Hong Kong Law
Listing Decisions On Pre-IPO Convertible Bond Issues
IntroductionHong Kong Exchanges and Clearing Limited (HKEx) has published Series 59 of the listing decisions dealing with pre-IPO issues of convertible bonds. The decisions considered whether various terms, including a conversion price at a discount to the IPO offer price and negative covenants granted to the convertible bondholders, were contrary to the principles laid down in Listing Rule 2.03.1 Terms found to violate Listing Rule 2.03 were required to be removed or modified prior to listing. In the Series 59 decisions, HKEx objected to terms that “may give rise to concerns that the pre-IPO investors would not have assumed investment risks significantly different from those assumed by public investors, or would be protected from certain types of equity risks after listing in a manner that was significantly different from that assumed by public investors”.2 Based on these decisions, one of the principal factors that HKEx will take into account in considering pre-IPO convertible bond issues is whether the pre-IPO investors took genuine investment risks for their pre-IPO investment. Where, however, pre-IPO investors are found to have taken investment risks that are substantially the same as those taken by the IPO shareholders, the additional rights conferred on them under the terms of the convertible bonds are likely to be considered contrary to the principle of even treatment of shareholders under Listing Rule 2.03. In listing decision 59-5, convertible bonds were issued approximately 5 months before the submission of the advance booking form. As there was no guarantee at the time of the pre-IPO investment that the listing would proceed, the case was distinguished from earlier cases where payment for the investment was made only after the grant of in-principle listing approval. Accordingly terms relating to the conversion price at a discount to the IPO offer price and rights of redemption which would give the bondholders a fixed percentage of internal rate of return on the principal amount of the convertible bonds being redeemed were allowed to survive the listing. The purpose of this note is to provide a summary of the Listing Decisions in Series 59 relating to convertible bonds. Listing Decisions 59-1 to 59-7 can be found on the HKEx website. It should be noted that each listing decision is based on the specific circumstances of the particular case and may not therefore necessarily be a precedent for future cases.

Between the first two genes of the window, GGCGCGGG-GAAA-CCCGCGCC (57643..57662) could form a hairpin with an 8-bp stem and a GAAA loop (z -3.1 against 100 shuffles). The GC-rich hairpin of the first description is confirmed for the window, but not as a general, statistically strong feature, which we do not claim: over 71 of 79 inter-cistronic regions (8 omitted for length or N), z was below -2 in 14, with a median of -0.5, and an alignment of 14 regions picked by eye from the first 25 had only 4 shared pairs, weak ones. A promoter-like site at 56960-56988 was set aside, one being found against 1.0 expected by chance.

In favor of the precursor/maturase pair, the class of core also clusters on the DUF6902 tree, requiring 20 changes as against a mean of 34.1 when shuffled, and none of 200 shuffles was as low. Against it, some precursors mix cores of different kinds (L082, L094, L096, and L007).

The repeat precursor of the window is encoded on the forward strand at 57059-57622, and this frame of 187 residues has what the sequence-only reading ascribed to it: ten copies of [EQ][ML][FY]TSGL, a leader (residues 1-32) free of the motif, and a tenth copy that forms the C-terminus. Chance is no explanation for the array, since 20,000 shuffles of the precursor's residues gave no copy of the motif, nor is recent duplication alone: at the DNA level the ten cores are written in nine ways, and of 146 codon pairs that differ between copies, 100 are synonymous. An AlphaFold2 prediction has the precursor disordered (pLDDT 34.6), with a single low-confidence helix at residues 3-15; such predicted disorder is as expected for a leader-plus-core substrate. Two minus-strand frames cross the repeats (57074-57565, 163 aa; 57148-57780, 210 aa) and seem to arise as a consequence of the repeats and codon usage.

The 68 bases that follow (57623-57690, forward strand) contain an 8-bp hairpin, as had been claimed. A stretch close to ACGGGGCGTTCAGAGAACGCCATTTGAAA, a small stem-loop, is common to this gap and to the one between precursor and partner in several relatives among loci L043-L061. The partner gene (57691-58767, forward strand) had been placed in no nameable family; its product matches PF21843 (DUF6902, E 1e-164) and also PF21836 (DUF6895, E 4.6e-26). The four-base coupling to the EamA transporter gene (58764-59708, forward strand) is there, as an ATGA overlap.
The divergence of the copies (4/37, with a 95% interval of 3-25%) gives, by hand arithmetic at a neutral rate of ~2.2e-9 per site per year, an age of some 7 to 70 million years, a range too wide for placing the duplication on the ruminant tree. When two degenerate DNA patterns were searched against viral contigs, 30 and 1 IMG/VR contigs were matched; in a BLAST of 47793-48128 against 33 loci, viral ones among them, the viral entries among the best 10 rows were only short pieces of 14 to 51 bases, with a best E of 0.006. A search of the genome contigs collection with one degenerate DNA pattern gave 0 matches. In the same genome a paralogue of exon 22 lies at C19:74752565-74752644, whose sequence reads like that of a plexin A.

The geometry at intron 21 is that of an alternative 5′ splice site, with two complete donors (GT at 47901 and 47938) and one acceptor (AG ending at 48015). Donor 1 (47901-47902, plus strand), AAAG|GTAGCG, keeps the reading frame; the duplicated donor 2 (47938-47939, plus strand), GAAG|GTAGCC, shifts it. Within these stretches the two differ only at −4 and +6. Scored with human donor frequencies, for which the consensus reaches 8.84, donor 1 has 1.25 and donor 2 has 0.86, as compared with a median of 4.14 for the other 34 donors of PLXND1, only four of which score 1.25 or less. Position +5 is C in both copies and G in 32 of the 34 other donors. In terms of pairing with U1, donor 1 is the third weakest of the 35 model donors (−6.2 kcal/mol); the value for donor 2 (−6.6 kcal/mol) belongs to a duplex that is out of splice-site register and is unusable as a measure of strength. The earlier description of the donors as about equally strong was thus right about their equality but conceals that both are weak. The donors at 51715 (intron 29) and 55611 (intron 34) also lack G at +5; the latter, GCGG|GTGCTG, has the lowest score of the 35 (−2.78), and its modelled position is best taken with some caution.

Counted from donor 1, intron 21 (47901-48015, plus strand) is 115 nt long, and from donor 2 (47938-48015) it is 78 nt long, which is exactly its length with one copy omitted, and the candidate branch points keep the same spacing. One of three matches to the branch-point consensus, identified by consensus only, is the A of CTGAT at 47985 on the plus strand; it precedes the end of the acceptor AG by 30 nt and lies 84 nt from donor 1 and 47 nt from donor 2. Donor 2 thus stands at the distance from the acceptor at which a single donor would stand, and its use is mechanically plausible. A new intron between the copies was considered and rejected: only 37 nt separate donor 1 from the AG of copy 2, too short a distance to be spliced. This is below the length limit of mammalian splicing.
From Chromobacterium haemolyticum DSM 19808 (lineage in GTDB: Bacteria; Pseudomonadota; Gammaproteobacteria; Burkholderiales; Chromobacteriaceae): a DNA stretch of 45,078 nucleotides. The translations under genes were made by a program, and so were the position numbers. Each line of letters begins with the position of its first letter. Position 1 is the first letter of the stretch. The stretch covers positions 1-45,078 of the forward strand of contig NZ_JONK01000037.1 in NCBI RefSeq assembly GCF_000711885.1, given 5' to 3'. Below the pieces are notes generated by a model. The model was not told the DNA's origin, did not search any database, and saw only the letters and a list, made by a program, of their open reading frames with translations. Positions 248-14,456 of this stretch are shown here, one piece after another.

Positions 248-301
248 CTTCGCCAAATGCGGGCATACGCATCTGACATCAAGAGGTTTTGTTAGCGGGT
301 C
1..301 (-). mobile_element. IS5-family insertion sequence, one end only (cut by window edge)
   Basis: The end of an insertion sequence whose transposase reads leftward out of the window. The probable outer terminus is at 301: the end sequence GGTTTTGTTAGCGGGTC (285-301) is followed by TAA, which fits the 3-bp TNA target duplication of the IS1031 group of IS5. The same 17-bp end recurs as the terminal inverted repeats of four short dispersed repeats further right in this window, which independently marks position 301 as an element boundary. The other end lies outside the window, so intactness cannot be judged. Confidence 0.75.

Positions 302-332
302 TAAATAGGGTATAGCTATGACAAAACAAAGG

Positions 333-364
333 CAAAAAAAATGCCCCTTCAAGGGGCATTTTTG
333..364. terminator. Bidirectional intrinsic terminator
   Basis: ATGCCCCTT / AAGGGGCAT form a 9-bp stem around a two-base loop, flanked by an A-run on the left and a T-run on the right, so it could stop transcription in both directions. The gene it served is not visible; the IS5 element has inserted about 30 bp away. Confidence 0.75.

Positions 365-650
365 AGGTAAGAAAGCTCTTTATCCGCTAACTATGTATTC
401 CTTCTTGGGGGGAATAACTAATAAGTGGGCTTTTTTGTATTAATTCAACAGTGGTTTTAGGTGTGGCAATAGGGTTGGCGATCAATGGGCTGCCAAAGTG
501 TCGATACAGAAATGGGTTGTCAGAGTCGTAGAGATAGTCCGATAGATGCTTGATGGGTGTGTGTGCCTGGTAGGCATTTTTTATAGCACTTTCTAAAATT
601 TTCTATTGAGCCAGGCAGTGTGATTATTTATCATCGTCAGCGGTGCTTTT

BackgroundIn reaching the decisions in relation to pre-IPO convertible bond issues, HKEx referred to listing decision 36-1 and listing decisions 55-1, 55-2 and 55-3 in relation to pre-IPO placings. In listing decision 36-1, issued in October 2003, HKEx stated that as a general principle, pre-IPO placings of shares – even at a discount to the IPO price – should be allowed subject to full disclosure in the prospectus. The placee may however be made subject to a lock-up of his shares. The question of whether a placee should be made the subject of a lock-up is one which is determined by HKEx on a case-by-case basis. It was noted in the decision that the greater the amount of any discount to the IPO price and/or the closer the timing of the placing to the date of the listing application, the more likely it would be that a lock-up would be required. Any shares made the subject of a lock-up will not be counted towards the public float on listing. However, listing decisions 55-1, 55-2 and 55-3 which were published in June 2006, demonstrate that if HKEx considers the terms of a pre-IPO placing to be contrary to the principles laid down in Listing Rule 2.03 and/or Rule 9.093, it will require the relevant terms to be removed prior to listing even if the placing meets the technical requirements regarding disclosure, lock-up and public float as set out in listing decision 36-1. The terms with which HKEx had difficulty in the context of pre-IPO placings related to the following: